Now Found in Some Australian Wines: Laxative Agent

No, it's not part of some weird plot to mess with your bowels
By Kate Seamons,  Newser Staff
Posted Dec 8, 2011 1:43 PM CST
Mmmm, sodium carboxymethyl.   (Flickr)

(Newser) – Those with delicate bowels may want to steer clear of wine from the Land Down Under. Winemakers there are now allowed to add sodium carboxymethyl cellulose to wine—a chemical lauded for its laxative powers. But in small quantities it can thicken liquids, and when it comes to wine, adding the chemical can eliminate crystallization and cloudiness from whites, reports California Watch. Dealing with the former is an expensive problem, explains the country's winemakers, usually achieved using energy-draining methods like cooling and filtration.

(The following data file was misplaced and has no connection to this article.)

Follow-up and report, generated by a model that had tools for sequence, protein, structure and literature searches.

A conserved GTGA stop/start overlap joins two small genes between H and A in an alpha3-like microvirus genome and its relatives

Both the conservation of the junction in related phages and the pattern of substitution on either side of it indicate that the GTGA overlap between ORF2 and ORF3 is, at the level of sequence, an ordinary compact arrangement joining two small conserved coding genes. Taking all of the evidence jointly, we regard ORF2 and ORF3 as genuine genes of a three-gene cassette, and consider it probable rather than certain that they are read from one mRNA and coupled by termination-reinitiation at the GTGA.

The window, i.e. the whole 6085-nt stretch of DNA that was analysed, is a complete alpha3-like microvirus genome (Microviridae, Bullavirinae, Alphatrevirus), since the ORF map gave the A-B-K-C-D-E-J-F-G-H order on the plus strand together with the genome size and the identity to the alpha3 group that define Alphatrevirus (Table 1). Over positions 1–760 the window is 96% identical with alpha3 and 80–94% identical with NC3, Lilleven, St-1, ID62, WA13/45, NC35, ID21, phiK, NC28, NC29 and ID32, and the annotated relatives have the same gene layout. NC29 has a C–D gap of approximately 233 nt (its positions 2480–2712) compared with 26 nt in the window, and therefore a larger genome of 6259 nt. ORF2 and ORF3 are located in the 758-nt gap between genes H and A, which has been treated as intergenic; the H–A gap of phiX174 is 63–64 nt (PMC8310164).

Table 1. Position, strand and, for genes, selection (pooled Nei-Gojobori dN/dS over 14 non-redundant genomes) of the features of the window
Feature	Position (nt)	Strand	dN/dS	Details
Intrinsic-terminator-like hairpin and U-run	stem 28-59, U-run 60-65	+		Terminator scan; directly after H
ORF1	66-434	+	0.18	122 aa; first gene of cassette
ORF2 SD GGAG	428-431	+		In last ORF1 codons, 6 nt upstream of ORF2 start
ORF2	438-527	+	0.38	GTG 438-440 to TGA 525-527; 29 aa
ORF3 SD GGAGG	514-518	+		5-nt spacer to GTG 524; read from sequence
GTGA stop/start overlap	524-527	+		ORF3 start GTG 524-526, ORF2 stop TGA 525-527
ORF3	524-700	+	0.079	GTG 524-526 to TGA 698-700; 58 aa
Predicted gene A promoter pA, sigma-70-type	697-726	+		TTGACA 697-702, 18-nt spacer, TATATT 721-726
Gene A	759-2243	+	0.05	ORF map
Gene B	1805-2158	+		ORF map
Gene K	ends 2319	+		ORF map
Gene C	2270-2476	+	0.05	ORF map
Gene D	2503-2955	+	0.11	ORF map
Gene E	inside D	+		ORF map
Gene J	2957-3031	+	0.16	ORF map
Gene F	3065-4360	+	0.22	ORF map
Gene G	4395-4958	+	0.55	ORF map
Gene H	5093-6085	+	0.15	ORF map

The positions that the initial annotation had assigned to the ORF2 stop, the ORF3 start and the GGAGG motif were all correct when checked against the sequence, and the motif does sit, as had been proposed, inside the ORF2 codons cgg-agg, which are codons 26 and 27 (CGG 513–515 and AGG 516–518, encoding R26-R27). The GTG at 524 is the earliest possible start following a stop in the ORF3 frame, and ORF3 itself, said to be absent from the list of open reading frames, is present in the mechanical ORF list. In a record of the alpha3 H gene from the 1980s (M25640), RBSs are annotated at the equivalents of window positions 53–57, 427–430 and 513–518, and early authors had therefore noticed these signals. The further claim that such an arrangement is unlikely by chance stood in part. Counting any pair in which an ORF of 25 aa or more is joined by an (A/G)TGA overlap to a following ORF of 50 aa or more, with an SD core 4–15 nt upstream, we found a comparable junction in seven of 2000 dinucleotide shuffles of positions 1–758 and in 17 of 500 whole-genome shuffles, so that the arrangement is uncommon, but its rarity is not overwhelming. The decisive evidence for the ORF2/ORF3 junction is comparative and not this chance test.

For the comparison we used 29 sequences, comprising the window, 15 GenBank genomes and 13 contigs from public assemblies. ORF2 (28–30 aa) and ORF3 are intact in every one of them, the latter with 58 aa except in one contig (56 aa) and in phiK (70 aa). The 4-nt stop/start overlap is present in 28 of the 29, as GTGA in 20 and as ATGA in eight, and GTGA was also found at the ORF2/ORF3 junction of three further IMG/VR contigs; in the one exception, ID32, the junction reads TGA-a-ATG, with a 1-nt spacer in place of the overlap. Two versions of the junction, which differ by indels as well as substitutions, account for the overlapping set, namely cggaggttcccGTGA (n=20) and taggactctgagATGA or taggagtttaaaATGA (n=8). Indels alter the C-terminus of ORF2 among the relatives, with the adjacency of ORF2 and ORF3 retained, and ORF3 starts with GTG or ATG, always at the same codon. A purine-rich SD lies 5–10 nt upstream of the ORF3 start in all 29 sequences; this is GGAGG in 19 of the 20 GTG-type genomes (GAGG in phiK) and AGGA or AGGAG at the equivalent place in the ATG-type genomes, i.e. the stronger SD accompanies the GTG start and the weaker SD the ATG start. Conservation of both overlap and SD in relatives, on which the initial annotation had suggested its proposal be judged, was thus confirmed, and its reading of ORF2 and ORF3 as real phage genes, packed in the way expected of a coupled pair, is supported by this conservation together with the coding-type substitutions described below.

"I don't think the levels that are approved for use in wine ... will give that laxative effect," said the general counsel for the trade group for California's wine industry ("think," being the operative word, notes your wine-loving Newser editors). The ingredient hasn't been OKed in US wines, but it's legal in wines imported to the US ... and won't grace the label, so you won't know if you're drinking it. But you've probably actually already done so: The chemical is an approved additive in the EU, too. (Read more wine stories.)

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